I’ve long been a fan of Mur Lafftery’s work as a podcaster (I Should Be Writing and the Hugo-winning Ditch Diggers) and editor (I mean, heck, she was one of the first to buy a short story from me), but, until now, I haven’t been exposed to any of her fiction. Six Wakes, her first science fiction novel, earned a lot of raves this year, and ended up being nominated for some prominent SFF awards, has been on my to-read pile for several months. After finishing off Peter Frankopan’s tremendous (and tremendously heavy) The Silk Roads, I needed a palate cleanser, and Six Wakes seemed like the perfect thing. A generation ship story AND a closed room murder mystery? Sign me up.
I’m listening to the audiobook, and the first pleasent surprise is that Lafferty herself is doing the narration. She’s not as dramatic as some narrators, choosing instead to let the text itself do the speaking, but her experience is obvious and her authorial voice brings forward an interesting perspective on the story.
And what a story it is. Things come together quickly, as the cloned members of a generation ship wake to find their previous bodies brutally murdered. Lafferty’s prose is whip sharp, and she relies on natural, well-paced dialogue to move the story along. I’m about 20% into the book, and at this point the handful of main protagonists have already established personalities and separate themselves from one another easily. Its pace, coupled with a high number of characters, and a mystery plot, could easily have made for a huge mess, but Lafferty handles things with ease. In a lot of ways, it reminds me of Agatha Christie’s famous, And Then There Were None. The conceit that all but one of the principal crew members on the ship is a former criminal partaking in the mission with the promise of a full pardon adds to the Christie-like air. It’s immensely compelling, especially as the secrets of their pasts are slowly revealed. Mystery and suspicion abounds as each of the characters tries to juggle uncertainty with the need to trust their fellow travellers.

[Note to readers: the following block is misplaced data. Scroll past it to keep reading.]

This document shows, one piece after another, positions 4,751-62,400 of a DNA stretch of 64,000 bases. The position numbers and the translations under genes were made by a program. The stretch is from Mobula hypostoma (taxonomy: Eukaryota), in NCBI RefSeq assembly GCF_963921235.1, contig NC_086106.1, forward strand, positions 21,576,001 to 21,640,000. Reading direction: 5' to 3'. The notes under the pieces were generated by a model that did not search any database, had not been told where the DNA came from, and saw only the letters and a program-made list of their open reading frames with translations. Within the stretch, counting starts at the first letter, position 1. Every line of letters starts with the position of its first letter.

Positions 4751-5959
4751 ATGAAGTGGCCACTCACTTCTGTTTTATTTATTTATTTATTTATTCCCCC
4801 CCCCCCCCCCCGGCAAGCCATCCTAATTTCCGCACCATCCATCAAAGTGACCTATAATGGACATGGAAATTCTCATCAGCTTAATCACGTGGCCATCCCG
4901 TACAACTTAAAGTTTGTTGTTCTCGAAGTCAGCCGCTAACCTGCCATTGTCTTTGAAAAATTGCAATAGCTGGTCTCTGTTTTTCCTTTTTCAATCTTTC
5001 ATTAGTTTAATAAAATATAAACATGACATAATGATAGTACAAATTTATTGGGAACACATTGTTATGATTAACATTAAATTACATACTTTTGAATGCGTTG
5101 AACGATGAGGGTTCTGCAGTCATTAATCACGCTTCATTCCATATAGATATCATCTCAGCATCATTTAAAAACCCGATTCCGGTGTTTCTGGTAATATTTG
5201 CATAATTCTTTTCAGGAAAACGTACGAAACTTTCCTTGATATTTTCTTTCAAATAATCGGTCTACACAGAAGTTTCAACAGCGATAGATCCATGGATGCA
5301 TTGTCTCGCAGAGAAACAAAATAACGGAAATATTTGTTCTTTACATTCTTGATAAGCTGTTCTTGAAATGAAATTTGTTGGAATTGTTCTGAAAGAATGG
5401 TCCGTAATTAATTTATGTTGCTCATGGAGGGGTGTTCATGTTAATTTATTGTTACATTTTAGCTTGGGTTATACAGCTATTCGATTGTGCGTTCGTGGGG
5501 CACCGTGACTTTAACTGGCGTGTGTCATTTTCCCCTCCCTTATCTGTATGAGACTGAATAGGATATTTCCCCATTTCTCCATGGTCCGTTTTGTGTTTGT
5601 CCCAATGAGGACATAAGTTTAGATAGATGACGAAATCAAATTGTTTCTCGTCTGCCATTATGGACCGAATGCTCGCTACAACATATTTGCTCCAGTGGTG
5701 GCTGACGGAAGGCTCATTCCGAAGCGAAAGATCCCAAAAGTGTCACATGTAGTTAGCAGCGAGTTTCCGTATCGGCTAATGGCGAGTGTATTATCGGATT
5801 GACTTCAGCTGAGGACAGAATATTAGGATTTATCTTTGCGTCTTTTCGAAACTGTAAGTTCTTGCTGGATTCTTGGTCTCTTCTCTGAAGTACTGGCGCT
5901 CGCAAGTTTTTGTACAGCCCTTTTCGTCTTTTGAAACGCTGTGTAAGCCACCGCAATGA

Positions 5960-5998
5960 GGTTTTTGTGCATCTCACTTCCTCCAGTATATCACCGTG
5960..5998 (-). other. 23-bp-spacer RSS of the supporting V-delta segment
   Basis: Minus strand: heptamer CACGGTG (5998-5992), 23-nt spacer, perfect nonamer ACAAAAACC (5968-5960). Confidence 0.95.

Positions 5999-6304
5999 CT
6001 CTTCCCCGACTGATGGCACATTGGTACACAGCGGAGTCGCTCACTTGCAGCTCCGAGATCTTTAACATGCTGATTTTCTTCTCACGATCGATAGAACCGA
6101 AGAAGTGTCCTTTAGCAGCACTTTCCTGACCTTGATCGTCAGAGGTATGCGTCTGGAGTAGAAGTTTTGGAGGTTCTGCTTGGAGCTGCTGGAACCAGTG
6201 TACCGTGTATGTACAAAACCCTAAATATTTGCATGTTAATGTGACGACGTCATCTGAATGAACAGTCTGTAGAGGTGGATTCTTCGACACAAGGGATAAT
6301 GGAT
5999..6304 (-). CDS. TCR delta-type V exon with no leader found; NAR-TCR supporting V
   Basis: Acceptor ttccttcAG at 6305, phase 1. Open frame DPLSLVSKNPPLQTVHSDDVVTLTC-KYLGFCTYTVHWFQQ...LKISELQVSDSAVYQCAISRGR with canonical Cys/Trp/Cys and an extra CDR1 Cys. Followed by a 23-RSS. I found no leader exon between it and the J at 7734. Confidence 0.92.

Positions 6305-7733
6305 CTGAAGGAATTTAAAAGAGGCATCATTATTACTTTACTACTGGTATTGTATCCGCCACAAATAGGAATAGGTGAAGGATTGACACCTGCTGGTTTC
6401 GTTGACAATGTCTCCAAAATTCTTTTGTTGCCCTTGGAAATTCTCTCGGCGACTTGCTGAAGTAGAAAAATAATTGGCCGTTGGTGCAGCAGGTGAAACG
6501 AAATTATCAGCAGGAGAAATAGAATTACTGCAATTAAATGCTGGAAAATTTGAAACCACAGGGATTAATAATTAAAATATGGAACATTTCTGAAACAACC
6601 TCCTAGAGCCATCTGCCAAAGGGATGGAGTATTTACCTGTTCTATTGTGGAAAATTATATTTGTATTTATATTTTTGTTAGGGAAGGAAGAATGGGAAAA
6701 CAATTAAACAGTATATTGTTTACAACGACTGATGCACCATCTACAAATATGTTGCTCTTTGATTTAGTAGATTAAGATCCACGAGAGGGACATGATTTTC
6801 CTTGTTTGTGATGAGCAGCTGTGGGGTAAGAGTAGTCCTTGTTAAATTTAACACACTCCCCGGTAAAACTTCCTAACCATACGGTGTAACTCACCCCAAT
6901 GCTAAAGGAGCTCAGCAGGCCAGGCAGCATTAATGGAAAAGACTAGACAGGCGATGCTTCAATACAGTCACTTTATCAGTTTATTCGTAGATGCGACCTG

In all, I’m hooked. The mystery is compelling, the characters are rich, the pacing is breakneck. I gotta know what happens next.